Because of the legal obligation when sale of business premises and small enterprises is concerned that at least 35 per cent of the price must be paid in cash, and the rest may be in securities, majority of the citizens could just watch what was going on with no possibility to participate. The result was that for state property worth, for example, 100 thousand German marks, less than 40 per cent was actually paid. Simply, the compulsory part to be paid in cash was 35 thousand marks, and the remaining 65 thousand could be paid in privatisation securities. This means that these securities which were worth 65 thousand marks could be bought without any problems for 2,600 German marks, so that a buyer in fact had to spend 37,600 marks in cash in order to become the owner of state property worth 100 thousand German marks.

While small enterprises were bought in this way, the local public grumbled and the international community tolerated it believing that it was a smaller evil than further remainder of these enterprises in the hands of the state. When recently at an international call for tenders 51 per cent of the capital of Sarajevo Holiday Inn estimated to be 24 million marks worth was sold for 15 million marks to a local businessman, and only about 10 million were paid in privatisation securities, representatives of international community reacted strongly. >From the ambassador of the USA, EU, representatives of IMF, the World Bank, and other international organisations and institutions present in B&H, they all questioned this way of selling state property accusing the public in B&H of not having done enough in order to attract possible investors to join in the privatisation process. For representatives of the international community the problem is not so much in the privatisation of a hotel in Sarajevo as much as in the fear that the same recipe might be used in privatisation of the remaining few profitable local firms, which means that foreign investors could be excluded from the process and that closeness with the current regime would be an enormous advantage. In this case B&H would be put in an unenviable economic situation. Donations are rapidly decreasing and absence of foreign investments would lead to a total collapse in this country. The explanation offered by protagonists of this business deal was based on the allegation that everything had been done pursuant the domestic laws currently in force, in creation of which representatives of international community had participated.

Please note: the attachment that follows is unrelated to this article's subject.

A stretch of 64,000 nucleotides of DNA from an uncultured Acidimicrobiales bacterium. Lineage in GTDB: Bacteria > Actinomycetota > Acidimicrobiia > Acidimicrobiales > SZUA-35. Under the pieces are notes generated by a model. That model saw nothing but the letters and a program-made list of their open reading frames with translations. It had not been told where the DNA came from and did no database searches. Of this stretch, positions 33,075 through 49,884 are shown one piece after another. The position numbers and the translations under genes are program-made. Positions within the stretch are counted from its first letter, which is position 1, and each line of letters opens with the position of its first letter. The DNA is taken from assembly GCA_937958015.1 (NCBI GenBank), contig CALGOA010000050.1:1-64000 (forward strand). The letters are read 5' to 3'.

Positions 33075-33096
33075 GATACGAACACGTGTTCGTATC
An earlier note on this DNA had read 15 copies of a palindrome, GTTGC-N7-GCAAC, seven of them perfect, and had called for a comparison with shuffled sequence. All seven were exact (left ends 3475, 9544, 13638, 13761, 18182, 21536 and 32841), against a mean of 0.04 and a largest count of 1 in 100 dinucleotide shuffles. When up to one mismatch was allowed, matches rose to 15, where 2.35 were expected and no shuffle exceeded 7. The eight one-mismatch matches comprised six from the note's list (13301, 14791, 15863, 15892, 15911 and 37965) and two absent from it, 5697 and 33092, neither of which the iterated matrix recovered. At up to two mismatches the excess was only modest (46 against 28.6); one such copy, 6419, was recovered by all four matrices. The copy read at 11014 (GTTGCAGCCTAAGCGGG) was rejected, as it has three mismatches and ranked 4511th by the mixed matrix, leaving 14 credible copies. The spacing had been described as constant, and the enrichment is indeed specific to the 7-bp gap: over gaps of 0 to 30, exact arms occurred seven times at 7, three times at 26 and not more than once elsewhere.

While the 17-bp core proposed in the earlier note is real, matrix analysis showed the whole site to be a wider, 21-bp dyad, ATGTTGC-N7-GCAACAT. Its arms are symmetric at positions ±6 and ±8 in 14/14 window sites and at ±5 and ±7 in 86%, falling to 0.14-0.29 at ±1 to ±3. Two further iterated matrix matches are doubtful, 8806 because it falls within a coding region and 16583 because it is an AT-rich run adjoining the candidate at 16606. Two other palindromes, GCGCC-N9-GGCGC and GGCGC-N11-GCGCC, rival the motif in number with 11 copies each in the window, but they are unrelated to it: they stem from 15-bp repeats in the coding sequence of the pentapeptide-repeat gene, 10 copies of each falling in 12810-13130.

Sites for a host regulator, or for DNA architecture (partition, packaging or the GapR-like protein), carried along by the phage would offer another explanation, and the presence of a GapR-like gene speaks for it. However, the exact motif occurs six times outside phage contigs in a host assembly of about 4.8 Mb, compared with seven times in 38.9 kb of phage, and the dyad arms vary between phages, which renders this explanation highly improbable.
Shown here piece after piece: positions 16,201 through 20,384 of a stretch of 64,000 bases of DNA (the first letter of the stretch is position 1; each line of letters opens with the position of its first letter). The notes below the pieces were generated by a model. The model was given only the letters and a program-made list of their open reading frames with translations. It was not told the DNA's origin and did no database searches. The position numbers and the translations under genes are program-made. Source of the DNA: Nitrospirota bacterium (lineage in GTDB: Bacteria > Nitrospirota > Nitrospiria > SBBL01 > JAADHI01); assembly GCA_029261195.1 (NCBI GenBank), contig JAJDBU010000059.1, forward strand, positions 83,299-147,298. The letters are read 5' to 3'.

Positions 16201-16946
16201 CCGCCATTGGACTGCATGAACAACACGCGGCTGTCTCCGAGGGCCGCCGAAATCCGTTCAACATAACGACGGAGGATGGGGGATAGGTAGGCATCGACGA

In order to reduce the pressure of the international community, the local officials questioned even their own pleading for the rule of law. Although the whole sale of the majority share of Holiday Inn, as they claim, was completely legal, the new owner’s taking over of the property was “frozen” until “verification in public is completed”. If everything had been legal, this move is violation of the legal right of the new owner to control his new private property, and an unambiguous message is sent to possible foreign investors that the regime is superior to the law it had passed itself. In such a situation arrival of foreign investors becomes even less probable and economic revival of B&H and its liberation from dependence on donations becomes even further away.

Original article